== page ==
Oxfam hosts ‘Women and Water Dialogue’ on World Water Day
“Celebrating the roles of women in leading and managing water resources”
In a single day, women and girls across the world spend a total of 152 million hours collecting water for domestic use. This time constrains their ability to participate in local governance structures and educational opportunities according to the UN Food and Agricultural Organization.
The theme of 27th World Water Day this year, March 22, is “Leave No One Behind”. Oxfam together with partners, River Coalition Cambodia, Institute of Technology Cambodia and Royal University of Phnom Penh, take this opportunity to host “Women and Water Dialogue” at Cambodia-Korea Cooperation Center (CKCC) of the Royal University of Phnom Penh on 22 March 2019, 1-5PM, to discuss the role of women in leading and managing water resources.
“We wish to share the experience and knowledge of women-led water resource management and governance to wider stakeholders to learn, share ideas, increase awareness and build on personal connections,” said Socheata Sim, Oxfam Mekong Regional Water Governance Manager. “This will help us all to address the issues of gender inequality in the context of water resources management and conservation.”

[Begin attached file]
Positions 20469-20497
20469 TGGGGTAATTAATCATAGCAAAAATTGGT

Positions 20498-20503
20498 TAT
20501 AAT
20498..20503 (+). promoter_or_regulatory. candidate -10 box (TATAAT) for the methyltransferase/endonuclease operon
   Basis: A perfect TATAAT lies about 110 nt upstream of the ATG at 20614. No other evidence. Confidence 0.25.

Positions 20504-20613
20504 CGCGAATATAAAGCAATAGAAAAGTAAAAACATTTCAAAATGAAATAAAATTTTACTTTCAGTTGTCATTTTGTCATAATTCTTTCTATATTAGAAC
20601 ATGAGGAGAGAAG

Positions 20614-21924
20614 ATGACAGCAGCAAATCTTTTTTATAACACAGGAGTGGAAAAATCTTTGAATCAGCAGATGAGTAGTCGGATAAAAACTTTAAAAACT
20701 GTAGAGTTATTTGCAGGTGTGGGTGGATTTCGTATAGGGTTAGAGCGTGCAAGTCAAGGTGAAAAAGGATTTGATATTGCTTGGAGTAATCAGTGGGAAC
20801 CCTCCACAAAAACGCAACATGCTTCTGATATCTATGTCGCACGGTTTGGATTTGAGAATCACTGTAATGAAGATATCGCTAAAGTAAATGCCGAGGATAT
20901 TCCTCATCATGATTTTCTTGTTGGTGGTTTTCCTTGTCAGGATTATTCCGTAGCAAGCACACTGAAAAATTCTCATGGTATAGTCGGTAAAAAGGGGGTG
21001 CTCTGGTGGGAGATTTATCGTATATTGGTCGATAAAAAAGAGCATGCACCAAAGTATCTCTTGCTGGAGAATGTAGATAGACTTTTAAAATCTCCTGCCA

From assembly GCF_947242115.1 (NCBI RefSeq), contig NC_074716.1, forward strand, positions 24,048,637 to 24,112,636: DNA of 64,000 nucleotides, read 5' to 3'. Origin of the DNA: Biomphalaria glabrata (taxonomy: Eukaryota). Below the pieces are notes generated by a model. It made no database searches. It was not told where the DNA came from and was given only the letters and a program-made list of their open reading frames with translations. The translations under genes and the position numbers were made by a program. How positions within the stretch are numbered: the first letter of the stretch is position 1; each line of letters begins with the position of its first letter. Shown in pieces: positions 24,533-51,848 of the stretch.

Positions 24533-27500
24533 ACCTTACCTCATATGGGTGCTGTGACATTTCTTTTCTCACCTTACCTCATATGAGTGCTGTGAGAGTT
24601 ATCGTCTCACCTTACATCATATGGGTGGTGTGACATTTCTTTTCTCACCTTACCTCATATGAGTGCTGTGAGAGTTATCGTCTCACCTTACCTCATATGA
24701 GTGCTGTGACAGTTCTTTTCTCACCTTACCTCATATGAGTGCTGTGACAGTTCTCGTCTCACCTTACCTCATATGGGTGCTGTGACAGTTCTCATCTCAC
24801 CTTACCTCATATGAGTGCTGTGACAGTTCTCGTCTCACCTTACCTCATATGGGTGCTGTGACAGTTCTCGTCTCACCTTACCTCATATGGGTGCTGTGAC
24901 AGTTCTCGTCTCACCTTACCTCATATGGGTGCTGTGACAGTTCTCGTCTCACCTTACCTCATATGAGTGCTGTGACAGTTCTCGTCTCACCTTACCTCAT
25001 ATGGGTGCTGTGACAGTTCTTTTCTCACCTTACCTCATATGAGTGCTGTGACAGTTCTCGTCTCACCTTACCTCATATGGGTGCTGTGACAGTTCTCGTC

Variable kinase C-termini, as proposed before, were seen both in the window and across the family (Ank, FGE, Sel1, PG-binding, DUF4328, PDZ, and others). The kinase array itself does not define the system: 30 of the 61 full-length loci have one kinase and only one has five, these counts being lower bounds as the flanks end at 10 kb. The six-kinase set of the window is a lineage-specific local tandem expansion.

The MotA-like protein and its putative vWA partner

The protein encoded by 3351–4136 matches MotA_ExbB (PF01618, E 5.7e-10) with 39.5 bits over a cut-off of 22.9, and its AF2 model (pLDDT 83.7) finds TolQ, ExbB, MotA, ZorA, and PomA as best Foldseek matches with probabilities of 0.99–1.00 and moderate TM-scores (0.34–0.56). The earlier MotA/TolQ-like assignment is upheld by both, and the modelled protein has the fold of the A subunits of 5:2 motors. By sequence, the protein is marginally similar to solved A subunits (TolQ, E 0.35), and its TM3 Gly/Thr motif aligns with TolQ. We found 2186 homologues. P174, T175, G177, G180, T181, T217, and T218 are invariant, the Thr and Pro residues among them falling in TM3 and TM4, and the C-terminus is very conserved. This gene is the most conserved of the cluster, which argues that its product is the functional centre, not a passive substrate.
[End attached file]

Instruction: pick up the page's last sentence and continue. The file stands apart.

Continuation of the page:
There’re approximately 300 representatives from ministries, CSOs, NGOs, researchers, academics, and young people who are working in the fields of gender, women’s empowerment and natural resource management.
Water is foundational to sustainable development -from health, to climate, to industry, to equity, and more. It is a means of focusing attention on the importance of freshwater and working together for the sustainable management of freshwater resources.
Solinn Lim, Country Director of Oxfam in Cambodia, said: “Women bears the highest burden and consequences of unsustainable management of water resources that are transboundary. They have the solutions to the complex problems of water governance. World leaders should listen to them”
Oxfam has worked with governments, civil society, river networks, researchers, academics, developers and private sectors, youth and indigenous groups with a special focus on gender in water governance for over 15 years.
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